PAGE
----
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FLOEBB INHALER 50 MICROGRAMS PER ACTUATION PRESSURISED INHALATION SUSPENSION

Active substance(s): FLUTICASONE PROPIONATE

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Floebb® Inhaler 50 micrograms

Pharmacode

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Package leaflet: Information for the patient

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15 mm

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per actuation pressurised inhalation, suspension
Floebb® Inhaler 125 micrograms

UK

per actuation pressurised inhalation, suspension
Floebb® Inhaler 250 micrograms
per actuation pressurised inhalation, suspension
fluticasone propionate
Read all of this leaflet carefully before you start using this medicine because it contains important information for you.
• Keep this leaflet. You may need to read it again.
• If you have any further questions, ask your doctor, pharmacist or asthma nurse.
• This medicine has been prescribed for you only. Do not pass it on to others. It may harm them, even if their signs of illness are the same as yours.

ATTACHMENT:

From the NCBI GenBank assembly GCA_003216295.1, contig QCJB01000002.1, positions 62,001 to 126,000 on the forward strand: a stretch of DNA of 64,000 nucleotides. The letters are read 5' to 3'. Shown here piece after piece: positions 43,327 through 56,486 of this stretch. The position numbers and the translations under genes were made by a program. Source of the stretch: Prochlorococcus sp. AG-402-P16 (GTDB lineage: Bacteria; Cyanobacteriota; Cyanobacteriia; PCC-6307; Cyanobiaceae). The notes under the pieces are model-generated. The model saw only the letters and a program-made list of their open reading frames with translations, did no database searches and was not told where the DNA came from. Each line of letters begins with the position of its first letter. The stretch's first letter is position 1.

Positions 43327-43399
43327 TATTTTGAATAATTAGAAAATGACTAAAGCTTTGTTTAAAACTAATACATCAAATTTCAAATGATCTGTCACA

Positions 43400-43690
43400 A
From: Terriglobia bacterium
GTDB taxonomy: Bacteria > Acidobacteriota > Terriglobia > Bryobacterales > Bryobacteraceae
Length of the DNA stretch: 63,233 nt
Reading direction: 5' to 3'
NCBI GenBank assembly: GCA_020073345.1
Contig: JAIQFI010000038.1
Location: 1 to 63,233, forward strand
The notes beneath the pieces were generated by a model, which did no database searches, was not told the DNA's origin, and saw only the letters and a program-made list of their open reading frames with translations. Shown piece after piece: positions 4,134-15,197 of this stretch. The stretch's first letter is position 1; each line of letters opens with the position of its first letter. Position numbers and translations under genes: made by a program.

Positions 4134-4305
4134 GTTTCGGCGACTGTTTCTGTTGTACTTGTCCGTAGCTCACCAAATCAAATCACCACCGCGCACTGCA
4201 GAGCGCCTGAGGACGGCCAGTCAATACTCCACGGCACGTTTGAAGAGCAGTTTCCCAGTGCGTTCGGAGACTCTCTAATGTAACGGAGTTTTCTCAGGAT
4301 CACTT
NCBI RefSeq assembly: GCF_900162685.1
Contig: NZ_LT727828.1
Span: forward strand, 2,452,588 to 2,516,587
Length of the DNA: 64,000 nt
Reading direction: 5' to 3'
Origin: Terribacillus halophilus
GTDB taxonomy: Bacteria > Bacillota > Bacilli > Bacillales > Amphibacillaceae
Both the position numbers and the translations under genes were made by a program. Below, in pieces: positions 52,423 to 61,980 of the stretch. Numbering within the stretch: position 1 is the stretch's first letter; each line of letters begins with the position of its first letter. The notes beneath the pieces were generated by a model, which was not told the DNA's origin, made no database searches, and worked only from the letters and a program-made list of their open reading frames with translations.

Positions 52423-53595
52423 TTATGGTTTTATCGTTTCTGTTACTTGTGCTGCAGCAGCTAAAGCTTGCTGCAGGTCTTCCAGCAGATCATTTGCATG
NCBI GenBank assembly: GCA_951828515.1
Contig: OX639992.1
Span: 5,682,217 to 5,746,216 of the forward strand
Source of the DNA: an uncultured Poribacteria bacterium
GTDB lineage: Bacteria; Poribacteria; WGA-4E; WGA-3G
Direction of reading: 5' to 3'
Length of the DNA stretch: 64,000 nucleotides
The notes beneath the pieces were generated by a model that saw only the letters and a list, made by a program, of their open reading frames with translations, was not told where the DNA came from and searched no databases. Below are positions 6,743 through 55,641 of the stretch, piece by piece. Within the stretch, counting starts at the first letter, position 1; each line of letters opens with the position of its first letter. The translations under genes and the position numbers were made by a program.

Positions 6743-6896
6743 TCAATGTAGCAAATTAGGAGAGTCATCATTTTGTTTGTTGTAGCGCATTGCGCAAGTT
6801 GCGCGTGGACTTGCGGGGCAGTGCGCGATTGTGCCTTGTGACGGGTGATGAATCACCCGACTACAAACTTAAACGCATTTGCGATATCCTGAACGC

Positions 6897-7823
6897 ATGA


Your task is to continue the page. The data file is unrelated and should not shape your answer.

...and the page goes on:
• If you get any side effects, talk to your doctor, pharmacist or asthma nurse. This includes any possible side effects not listed in this leaflet. See section 4.

What is in this leaflet
1. What Floebb Inhaler is and what it is used for
2. What you need to know before you use Floebb Inhaler
3. How to use Floebb Inhaler

1. What Floebb Inhaler is and what it is used for
Floebb Inhaler contains the active substance fluticasone propionate. Fluticasone is a corticosteroid (often
just called steroid). It has an anti-inflammatory action which reduces asthma-related swelling and irritation
in the lungs. Only a very small dose of steroid is needed because it is inhaled straight into your lungs.
Your doctor has prescribed this medicine to help prevent breathing problems such as asthma. Fluticasone
propionate is sometimes called a ‘preventer’.
Floebb Inhaler is not used to treat Chronic Obstructive Pulmonary Disease (COPD).
You must use Floebb Inhaler every day as directed by your doctor, even if you are not currently
experiencing any breathing problems. This will make sure that it works properly in controlling your asthma.
It takes 4-7 days for this medicine to work fully.